General Interest News

80 years ago, lethal Nazi T4 center began euthanizing Germans with disabilities

Posted on May 14, 2020

After implementing tens of thousands ‘merciful deaths,’ Hartheim Castle’s crematoria personnel were sent to build Holocaust death camps in occupied Poland. Eighty years ago this week, the most lethal “T4” euthanasia center began implementing “merciful deaths” for physically and mentally disabled Germans. Hartheim Castle was not far from Austria’s Linz, where Adolf Hitler grew up. Continue Reading »

Born in a concentration camp: The Holocaust’s youngest survivors Their mothers gave birth amid the most extreme adversity imaginable. They are among the only ones left able to bear witness to the horrors of the Nazi genocide

Posted on May 6, 2020

PARIS, France (AFP) — Holocaust survivor Florence Schulmann has always worried that if she went into schools to recount her experience, it would sound almost fantastical: “I’d be too scared that they wouldn’t believe me.” It is the first time that the retired French shopkeeper, now living in Paris’s 11th district, has shared her story Continue Reading »

Prague revamp reveals Jewish gravestones used to pave streets Find confirms speculation communist regime raided synagogues for building materials

Posted on May 6, 2020

Dozens of paving stones made from Jewish headstones have been found during redevelopment work in Prague’s tourist district, confirming speculation that the former communist regime raided synagogues and graveyards for building materials. Tuesday’s discovery came in the opening phase of a £10.6m facelift project in the city’s landmark Wenceslas Square, scene of the some of Continue Reading »

Researchers say Vatican archives show pope Pius XII knew of WWII killing of Jews

Posted on April 30, 2020

Researchers studying the newly opened Vatican archives of pope Pius XII have already found evidence that the World War II-era pope knew about the mass killing of Jews from his own sources but kept it from the US government, the Washington Post reported Wednesday, citing interviews with German scholars. The archives were opened March 2, but closed Continue Reading »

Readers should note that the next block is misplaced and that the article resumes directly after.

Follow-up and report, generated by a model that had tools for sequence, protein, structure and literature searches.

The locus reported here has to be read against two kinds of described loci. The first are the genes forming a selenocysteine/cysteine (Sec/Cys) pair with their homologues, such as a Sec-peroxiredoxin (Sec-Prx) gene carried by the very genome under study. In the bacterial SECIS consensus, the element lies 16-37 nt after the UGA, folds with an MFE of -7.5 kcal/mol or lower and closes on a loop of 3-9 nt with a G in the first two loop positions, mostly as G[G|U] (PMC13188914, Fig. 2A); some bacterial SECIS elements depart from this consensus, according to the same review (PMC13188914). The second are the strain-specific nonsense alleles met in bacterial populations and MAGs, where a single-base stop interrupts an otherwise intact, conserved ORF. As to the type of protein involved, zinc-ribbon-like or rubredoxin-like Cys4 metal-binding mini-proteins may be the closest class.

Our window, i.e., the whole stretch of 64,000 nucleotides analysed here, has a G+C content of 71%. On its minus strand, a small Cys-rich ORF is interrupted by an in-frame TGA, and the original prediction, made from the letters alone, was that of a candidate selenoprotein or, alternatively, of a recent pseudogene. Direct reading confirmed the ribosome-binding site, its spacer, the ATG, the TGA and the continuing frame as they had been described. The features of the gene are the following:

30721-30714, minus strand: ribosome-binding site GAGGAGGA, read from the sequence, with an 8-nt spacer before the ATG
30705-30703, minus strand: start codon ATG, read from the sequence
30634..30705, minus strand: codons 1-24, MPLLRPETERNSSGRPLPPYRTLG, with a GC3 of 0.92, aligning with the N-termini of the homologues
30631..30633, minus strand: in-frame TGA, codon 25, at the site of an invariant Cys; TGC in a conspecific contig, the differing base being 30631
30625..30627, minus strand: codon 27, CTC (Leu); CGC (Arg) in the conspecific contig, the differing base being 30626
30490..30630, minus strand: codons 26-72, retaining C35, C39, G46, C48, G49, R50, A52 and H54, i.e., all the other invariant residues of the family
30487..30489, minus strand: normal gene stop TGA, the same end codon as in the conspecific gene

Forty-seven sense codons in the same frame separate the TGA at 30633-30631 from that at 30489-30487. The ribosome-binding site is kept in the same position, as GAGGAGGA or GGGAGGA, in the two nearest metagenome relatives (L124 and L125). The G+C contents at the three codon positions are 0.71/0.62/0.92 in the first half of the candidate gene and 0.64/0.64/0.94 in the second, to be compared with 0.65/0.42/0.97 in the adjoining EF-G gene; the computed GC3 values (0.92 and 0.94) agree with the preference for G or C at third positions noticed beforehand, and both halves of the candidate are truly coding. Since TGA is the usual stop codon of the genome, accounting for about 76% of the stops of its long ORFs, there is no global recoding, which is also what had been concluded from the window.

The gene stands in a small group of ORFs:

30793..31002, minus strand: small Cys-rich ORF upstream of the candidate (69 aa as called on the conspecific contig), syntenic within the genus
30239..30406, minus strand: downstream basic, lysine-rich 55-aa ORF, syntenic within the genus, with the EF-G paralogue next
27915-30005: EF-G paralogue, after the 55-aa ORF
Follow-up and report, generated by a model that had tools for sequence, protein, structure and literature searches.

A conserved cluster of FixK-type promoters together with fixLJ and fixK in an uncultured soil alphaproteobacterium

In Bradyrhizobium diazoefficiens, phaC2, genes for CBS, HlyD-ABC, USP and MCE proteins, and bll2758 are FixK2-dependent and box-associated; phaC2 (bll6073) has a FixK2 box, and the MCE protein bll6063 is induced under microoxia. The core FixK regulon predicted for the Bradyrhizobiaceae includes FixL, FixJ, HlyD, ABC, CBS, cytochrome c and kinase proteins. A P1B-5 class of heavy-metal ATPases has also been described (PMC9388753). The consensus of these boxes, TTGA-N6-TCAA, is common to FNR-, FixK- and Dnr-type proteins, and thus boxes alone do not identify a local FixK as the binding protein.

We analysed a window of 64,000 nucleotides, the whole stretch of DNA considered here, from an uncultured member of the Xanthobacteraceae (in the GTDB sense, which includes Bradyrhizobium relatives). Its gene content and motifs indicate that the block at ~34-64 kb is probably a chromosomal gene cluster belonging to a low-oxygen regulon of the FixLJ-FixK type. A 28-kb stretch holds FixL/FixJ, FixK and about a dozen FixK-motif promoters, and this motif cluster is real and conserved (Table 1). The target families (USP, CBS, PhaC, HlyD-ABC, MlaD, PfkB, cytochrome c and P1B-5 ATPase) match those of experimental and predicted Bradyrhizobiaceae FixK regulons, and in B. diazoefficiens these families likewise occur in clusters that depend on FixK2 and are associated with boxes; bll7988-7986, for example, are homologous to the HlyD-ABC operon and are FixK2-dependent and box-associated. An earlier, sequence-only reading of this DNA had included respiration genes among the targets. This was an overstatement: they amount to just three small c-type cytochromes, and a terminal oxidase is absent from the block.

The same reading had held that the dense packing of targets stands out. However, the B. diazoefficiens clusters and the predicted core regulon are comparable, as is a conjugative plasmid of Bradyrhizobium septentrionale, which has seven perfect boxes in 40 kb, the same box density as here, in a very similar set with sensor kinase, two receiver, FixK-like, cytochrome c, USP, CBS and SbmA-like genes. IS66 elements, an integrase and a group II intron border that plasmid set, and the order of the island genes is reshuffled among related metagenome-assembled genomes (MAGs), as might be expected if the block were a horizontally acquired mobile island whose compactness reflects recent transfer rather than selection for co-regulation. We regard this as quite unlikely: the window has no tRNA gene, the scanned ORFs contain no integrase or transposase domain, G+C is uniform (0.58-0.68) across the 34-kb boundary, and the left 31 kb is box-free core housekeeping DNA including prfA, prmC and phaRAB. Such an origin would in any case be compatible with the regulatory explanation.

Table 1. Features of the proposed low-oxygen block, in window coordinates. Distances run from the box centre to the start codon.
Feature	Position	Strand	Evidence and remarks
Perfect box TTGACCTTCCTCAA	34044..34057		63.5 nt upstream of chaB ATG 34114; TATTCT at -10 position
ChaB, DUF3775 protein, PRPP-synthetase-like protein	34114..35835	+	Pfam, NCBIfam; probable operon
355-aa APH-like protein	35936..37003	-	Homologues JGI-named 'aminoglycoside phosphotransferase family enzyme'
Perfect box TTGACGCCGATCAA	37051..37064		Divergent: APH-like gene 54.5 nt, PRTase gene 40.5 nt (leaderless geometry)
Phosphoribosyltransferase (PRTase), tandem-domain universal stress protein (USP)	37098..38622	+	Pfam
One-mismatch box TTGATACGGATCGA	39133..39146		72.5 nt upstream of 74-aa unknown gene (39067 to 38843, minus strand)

Dutch right-wingers share meme of Anne Frank snorting cocaine

Posted on April 29, 2020

AMSTERDAM (JTA) — Young supporters of the Dutch right-wing Forum for Democracy party shared memes of Anne Frank snorting cocaine and anti-Semitic remarks in internal correspondence. The HP/DeTijd magazine reported Wednesday on the contents of the WhatsApp group of some supporters of the Forum for Democracy’s young adult department. The party is the second-largest in the Dutch senate with 10 Continue Reading »

‘Never Again’ projected on Brazil’s national congress buildings to mark Holocaust Remembrance Day

Posted on April 29, 2020

RIO DE JANEIRO (JTA) — The words “Holocaust” and “Never Again” were projected in Portuguese on Brazil’s National Congress buildings to mark Yom Hashoah, or Holocaust Remembrance Day, on Monday. The message covered the 300-foot-high facade of both 28-story twin towers of the Congress, the capital city Brasilia’s most famous landmark, for four hours on Continue Reading »

Tedje van der Sluis, 93, Auschwitz survivor whose happy marriage was subject of Dutch film

Posted on April 29, 2020

 Tedje van der Sluis had lived by her husband’s side since she was a teenager. The couple, both Holocaust survivors from Amsterdam, had been inseparable since 1945, when they met at a Jewish orphanage. But Tedje, who suffered from dementia, was when alone when she died on April 11 of the coronavirus on the third Continue Reading »

Dutch Jew who rescued 100s in Vichy France finally recognized — 80 years later

Posted on April 6, 2020

4 LONDON — In August 1942, as the Nazis’ net grew ever tighter around the Jews of Vichy France, a Dutch diplomat walked into Lyon’s Palais de Justice and successfully demanded the release of 118 prisoners being held there.  The following day, the same Dutchman, Sally Noach, appeared at the Stade des Iris on the Continue Reading »

Swiss Museum Settles Claim Over Art Trove Acquired in Nazi Era

Posted on March 30, 2020

The Kunstmuseum in Basel agreed to pay the heirs of a Berlin collector for 200 works he sold as he fled German persecution of Jews.  Twelve years after the city of Basel, Switzerland, rejected a claim for restitution of 200 prints and drawings in its Kunstmuseum, officials there have reversed their position and reached a settlement Continue Reading »

They Survived the Spanish Flu, the Depression and the Holocaust Two extraordinary women — one 101, the other 95 — lived through the worst of the 20th century. They have some advice for you.

Posted on March 29, 2020

For most of us, it is almost impossible to comprehend the ferocity and regularity with which life was upended during the first half of the 20th century. Plague and conflict emerged on an epic scale, again and again. Loss and restriction were routine; disaster was its own season.  At 101, Naomi Replansky, a poet and Continue Reading »

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